Note: For more on the subject of manna, see the parashah-related article entitled, "Bread from Heaven," and the Passover article entitled, "Partaking of the Bread of Humilty."
 




Parashat Beshalach - בשלח


 

[ In our Torah portion this week the waters of the Red Sea divide to make a path for the Israelites, a miracle that symbolized newness of life as God's liberated people... ]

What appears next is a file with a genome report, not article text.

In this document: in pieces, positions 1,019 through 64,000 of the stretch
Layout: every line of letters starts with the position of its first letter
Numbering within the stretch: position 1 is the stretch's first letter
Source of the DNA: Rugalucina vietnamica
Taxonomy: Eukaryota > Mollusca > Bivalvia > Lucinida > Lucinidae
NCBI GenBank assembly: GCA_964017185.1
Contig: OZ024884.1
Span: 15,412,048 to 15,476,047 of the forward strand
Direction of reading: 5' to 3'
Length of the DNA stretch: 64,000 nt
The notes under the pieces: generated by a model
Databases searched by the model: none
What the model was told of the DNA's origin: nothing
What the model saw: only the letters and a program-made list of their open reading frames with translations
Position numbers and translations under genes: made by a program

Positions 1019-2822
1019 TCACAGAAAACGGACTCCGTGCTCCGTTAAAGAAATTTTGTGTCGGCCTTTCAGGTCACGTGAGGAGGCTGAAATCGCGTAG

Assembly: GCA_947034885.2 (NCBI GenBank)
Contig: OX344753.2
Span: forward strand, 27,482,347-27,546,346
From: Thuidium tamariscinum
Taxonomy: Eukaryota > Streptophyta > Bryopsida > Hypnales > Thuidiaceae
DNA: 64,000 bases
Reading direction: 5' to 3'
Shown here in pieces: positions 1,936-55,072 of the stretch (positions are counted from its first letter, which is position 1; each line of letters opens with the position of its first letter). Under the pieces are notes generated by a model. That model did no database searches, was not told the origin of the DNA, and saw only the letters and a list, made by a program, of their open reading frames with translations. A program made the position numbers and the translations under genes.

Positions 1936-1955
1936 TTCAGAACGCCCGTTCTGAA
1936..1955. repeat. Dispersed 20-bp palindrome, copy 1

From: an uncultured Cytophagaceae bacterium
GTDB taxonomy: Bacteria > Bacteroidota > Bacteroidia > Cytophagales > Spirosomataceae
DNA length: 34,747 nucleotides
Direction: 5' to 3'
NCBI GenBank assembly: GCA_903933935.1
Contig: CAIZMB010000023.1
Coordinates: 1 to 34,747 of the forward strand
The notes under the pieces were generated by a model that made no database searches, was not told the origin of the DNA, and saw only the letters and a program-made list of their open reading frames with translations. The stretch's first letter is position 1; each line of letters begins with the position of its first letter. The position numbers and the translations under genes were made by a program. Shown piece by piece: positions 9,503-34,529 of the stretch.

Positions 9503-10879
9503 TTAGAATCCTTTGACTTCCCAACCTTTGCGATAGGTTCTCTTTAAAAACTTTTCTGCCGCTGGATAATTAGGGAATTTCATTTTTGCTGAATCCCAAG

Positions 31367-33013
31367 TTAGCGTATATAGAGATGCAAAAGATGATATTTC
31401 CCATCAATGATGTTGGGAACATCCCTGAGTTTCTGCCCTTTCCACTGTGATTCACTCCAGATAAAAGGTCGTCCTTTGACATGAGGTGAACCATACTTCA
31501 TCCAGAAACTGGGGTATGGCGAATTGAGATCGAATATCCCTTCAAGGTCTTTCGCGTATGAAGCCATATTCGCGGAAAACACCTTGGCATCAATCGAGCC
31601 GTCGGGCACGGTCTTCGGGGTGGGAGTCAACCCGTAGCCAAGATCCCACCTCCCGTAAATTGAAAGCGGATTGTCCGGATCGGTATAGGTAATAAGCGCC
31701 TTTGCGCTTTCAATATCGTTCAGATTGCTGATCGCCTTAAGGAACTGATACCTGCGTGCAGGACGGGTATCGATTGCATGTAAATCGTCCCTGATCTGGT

01.20.13  (Shevat 9, 5773)  Last week's Torah portion (parashat Bo) described how the Israelites were finally released from their bondage in Egypt after God delivered the decisive plague during the time of Passover. In this week's portion (Beshalach), the Israelites began their journey home, after 430 years of exile. Instead of leading them along a direct route to the Promised Land, however, God directed them south, toward the desert, where the Glory of God appeared as a Pillar of Cloud by day and as a Pillar of Fire by night to lead them on their way. When Pharaoh heard that the Israelites were at the border of the desert, however, he perversely decided to pursue them and bring them back to Egypt. God then redirected the Israelites to camp near the edge of the Sea of Reeds, where the Egyptian army finally caught up with them. Dramatically, the Israelites were caught between the sea on one side, and Pharaoh's army on the other...